Sunday, November 04, 2007

Off Balance

Sometimes I wonder whether seminary is really a younger woman's call.

Some of the more difficult aspects of going off to seminary in my 50s are things I had not even considered, but in the wake of my previous rant, I've been thinking about them.

I have lived in the same house for 24 years, had the same group of close-knit friends for 20. We can say what we want to one another. We have been known to irritate, exasperate, infuriate, and hurt one another -- but we can be who we are and know that we are the people who stand together when a child is in trouble, when a parent dies, when disaster of any kind strikes.

At seminary, everyone and everything is new. I am building relationships from the ground up, and I am SO out of practice. And during the week it's 24 hours a day. When you start a new job, with the attendant requirement for adapting to a new culture, you still return at night to your own house, your own family, your own friends. Not so for me this year. My opportunites for self-expression are considerably more limited than what I am accustomed to. Excellent practice, no doubt, but terribly difficult.

I have had a certain amount of control over my daily life for years and years. Last night I mentioned that to a friend, herself the mother of three young children, and she said, "Are you crazy? Have you forgotten these years?" I laughed and pointed out that she pretty much sets her own schedule, and if things spiral out of control, she can reel them back in. (Of course, I am talking about normal, everyday life here, and not about the days when you have to race to the ER, or cope with a squad car in the driveway, or listen to the "I'm pregnant" announcement.) Even as a teacher -- a rigidly-scheduled life if ever there was one -- I could take a personal or sick day if I needed or really wanted to be somewhere else. Now I'm the student, and I can't do that. School continues onward whether I am there or not.

And -- and I admit it, this might be the real kicker -- at seminary, I am at the bottom of the heap. In my regular life -- oh! wait! seminary is my regular life right now -- my friends and I have become the people in charge of things. Not necessarily by design -- we're just OLD. I can get you divorced or run your classroom or plan your program or make your presentation. I have been involved in all kinds of school and community and church enterprises. At seminary: who cares?

Oh -- one other thing: the education, at least in the first year of seminary, is clearly designed for a younger mindset. Lectures and memorization. The professor is the expert. We are the sponges. Period. Except that the middle-aged (or older!) brain no longer functions much like a sponge. More like a sieve, one might say. I'm sure there is a more flattering analogy, but of course I can't think of one at the moment, because the sieve function is in full swing!)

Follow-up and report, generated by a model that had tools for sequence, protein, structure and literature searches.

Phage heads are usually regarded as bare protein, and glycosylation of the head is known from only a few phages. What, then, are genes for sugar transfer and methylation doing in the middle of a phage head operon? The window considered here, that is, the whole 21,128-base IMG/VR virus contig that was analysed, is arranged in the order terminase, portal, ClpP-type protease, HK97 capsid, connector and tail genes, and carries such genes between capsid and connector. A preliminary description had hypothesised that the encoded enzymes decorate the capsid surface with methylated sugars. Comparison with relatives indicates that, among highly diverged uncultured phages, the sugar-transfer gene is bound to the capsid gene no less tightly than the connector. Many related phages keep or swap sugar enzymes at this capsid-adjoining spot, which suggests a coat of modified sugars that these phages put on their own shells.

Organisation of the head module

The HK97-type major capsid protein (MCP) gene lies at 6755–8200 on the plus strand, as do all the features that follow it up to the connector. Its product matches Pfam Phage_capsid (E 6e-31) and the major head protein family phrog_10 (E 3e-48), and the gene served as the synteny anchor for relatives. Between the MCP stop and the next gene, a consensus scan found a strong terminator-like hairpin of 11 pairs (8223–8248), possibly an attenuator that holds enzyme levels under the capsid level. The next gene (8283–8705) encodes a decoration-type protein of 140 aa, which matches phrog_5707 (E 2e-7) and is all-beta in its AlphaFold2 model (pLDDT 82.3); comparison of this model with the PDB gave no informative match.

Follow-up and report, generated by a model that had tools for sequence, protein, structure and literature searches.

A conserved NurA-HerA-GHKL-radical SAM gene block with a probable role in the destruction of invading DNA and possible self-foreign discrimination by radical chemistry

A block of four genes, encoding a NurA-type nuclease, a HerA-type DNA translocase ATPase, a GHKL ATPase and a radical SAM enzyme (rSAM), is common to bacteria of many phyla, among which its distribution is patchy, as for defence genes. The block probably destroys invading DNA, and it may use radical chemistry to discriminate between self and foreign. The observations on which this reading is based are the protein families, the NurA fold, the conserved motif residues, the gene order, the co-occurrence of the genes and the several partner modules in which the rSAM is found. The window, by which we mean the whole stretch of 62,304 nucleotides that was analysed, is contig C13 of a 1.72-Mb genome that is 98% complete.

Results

(My spiritual direction program is quite different. Most people are in their 50s, a couple of them younger, several older, and we draw naturally on our previous education, undergraduate and professional, and life experiences in our seminar discussion and bi-weekly papers. A very different way of learning a tradition and a set of skills.)

When I was in law school, the first year class was divided into seminar groups for our writing and advocacy program. In my group of about fifteen, one of the gentlemen was a physician in his late 30s. The rest of us gave him no particular thought, never wondered what he thought of us -- and he did not voice his opinion. (Let's just say that I often chuckle when one of my classmates mentions something that he's been thinking about for a really long time, ever since he was 15, and I realize that he was 15 all of seven years ago.) Last night I suddenly wondered: who was that doctor, exactly, back when we were all first year law students and thought we were sharing an experience in common? So I looked him up, and discovered that when he entered law school, he had been a physician for thirteen years and was the director of a department in a prestigious university hospital. In law school he was just a lowly first year student, having to make a moot court argument as though he had never made presentations before hundreds of MDS, and having to master the ins and outs of civil procedure as though he did not already know the human body inside and out. He must have wondered, too, at times, whether law school was really a younger man's game.

I draw no conclusions here. I am tremendously grateful for this opportunity, and I am thrilled by all that I am learning (even though Greek will probably leave me dead by the roadside). There isn't a day that goes by that I am not filled to the brim with material and ideas and models for sharing in some way in the unknown future.